Ocean abundance (before any fisheries) of Columbia River early and late run coho is expected to be more than three times larger than last year. A forecast released this week by the Technical Advisory Committee says ocean abundance this year should total 964,100 adult fish as compared to a final estimate of 301,500 for the 2013 run.
The 2003-2012 annual average return to the mouth of the Columbia, which subtracts ocean harvest and other mortality, is 434,100 fish, according to the July 2013 joint staff report produced by the Oregon and Washington departments of fish and wildlife.
The 2014 forecast include an ocean abundance estimate of 526,600 Columbia River early-run fish and 437,500 late-run coho as compared to 190,800 and 110,700 estimates respectively last year.
Coho adults are typically age-3 fish, and return to freshwater after only one year in the ocean. Early stock coho enter the Columbia River from mid-August to early October with peak entry occurring in early September. In the ocean, early stock coho tend to remain near the Oregon and southern Washington coasts and most migrate southward from the Columbia River and are therefore referred to as Type S.
Late stock coho enter the Columbia River from mid-September through December with peak entry occurring in mid-October, according to the joint staff report. In the ocean, late stock coho tend to migrate northward from the Columbia River along the Washington coast and Vancouver Island, and are therefore referred to as Type N.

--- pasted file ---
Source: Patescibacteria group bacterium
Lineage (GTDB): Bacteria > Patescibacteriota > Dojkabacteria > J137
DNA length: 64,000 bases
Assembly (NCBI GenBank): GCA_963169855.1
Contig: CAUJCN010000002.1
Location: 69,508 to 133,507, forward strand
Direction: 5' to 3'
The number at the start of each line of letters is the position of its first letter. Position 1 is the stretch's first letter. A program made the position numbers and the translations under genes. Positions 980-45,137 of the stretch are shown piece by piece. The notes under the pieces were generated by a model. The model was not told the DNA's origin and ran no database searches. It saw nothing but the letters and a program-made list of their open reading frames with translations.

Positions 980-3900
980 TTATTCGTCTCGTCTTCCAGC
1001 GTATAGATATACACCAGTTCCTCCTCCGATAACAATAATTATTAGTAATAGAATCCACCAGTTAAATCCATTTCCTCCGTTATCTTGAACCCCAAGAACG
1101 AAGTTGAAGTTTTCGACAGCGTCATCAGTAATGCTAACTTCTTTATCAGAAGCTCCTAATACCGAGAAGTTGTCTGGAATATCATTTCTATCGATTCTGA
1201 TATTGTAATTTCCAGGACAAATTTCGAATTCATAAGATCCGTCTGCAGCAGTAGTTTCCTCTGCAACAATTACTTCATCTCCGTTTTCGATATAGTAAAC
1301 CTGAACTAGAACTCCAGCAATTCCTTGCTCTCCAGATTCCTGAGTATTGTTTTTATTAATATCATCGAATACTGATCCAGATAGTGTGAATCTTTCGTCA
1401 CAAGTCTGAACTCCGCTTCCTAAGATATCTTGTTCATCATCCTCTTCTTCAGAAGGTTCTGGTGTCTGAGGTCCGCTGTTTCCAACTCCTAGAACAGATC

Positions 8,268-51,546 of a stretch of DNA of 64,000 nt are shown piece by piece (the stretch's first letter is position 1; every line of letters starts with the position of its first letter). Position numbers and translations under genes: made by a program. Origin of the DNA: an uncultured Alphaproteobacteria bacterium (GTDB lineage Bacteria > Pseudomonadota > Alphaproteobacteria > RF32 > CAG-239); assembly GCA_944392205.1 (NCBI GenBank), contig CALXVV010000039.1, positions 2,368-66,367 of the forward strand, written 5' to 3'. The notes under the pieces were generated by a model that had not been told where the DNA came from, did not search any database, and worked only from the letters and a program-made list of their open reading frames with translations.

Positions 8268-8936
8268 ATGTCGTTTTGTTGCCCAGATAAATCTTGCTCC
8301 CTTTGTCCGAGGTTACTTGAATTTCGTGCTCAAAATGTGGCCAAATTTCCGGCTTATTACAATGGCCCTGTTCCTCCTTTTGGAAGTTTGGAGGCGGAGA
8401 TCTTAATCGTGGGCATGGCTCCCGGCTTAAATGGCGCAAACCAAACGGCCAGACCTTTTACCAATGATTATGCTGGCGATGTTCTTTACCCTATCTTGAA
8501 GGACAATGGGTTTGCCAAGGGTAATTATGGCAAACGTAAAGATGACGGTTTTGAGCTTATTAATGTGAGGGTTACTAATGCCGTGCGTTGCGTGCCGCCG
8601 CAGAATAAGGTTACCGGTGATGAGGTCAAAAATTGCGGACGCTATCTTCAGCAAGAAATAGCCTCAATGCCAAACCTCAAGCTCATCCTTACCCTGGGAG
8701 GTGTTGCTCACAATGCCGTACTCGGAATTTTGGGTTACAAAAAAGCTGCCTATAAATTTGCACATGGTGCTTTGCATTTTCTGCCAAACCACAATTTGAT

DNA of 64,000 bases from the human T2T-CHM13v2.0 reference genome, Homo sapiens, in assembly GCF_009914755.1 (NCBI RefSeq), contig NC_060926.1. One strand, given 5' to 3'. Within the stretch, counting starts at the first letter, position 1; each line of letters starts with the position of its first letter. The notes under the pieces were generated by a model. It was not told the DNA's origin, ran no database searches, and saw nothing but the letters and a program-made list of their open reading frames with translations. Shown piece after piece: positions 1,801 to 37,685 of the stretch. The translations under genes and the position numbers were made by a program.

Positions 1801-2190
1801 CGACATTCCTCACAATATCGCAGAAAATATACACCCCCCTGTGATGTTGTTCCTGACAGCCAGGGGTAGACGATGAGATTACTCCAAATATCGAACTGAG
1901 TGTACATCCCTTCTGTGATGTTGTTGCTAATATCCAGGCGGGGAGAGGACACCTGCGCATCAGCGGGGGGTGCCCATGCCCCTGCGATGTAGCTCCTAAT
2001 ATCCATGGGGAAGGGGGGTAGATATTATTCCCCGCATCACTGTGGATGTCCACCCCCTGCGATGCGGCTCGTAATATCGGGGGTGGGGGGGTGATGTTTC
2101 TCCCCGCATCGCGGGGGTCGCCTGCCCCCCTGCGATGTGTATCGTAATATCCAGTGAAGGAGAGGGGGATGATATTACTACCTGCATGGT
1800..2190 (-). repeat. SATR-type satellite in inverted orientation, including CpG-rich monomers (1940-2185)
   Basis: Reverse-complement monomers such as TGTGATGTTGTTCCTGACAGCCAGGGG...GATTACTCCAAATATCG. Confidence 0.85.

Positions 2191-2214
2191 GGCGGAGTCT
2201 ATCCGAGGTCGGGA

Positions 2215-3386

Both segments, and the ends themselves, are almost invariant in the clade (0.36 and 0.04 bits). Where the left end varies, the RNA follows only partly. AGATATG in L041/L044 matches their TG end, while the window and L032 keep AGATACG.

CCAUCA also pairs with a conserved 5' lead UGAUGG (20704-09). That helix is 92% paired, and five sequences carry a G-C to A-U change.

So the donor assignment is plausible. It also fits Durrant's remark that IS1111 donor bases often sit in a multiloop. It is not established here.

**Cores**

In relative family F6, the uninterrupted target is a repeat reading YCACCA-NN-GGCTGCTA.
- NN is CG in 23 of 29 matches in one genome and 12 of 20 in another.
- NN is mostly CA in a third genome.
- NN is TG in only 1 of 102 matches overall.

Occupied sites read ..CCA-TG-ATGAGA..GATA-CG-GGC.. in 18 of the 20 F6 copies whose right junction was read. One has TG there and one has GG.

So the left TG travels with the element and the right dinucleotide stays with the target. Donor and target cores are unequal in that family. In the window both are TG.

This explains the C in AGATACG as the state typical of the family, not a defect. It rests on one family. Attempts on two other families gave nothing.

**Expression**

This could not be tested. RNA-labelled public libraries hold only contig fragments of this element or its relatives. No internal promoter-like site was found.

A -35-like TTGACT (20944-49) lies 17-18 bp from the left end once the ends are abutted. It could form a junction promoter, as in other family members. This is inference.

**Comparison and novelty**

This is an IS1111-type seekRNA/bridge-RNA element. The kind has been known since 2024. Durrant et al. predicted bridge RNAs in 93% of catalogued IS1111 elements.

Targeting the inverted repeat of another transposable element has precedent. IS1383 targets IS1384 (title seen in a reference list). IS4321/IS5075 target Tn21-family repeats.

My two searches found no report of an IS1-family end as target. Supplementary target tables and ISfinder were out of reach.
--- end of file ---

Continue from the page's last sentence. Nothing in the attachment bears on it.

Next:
Columbia River coho return primarily to Oregon and Washington hatcheries downstream from Bonneville Dam, although substantial hatchery and some natural production now occurs in areas upstream of Bonneville Dam.
Historical natural coho production areas above Bonneville Dam include the Spokane, Yakima, Wenatchee, Entiat, Methow and Snake rivers. The majority of coho presently passing Bonneville Dam are from the U.S. v. Oregon Management Plan mandated hatchery releases of lower river coho stocks in the Yakima, Klickitat, Wenatchee and Methow rivers in Washington, the Umatilla in Oregon and Idaho’s Clearwater river.
The releases outside the Klickitat are primarily intended to restore naturally producing coho to appropriate habitats above Bonneville Dam, most recently in the Snake, Yakima, Methow, and Entiat rivers. Coho destined for areas above Bonneville Dam have represented an increasing percentage of the total return in response to increased releases above Bonneville Dam.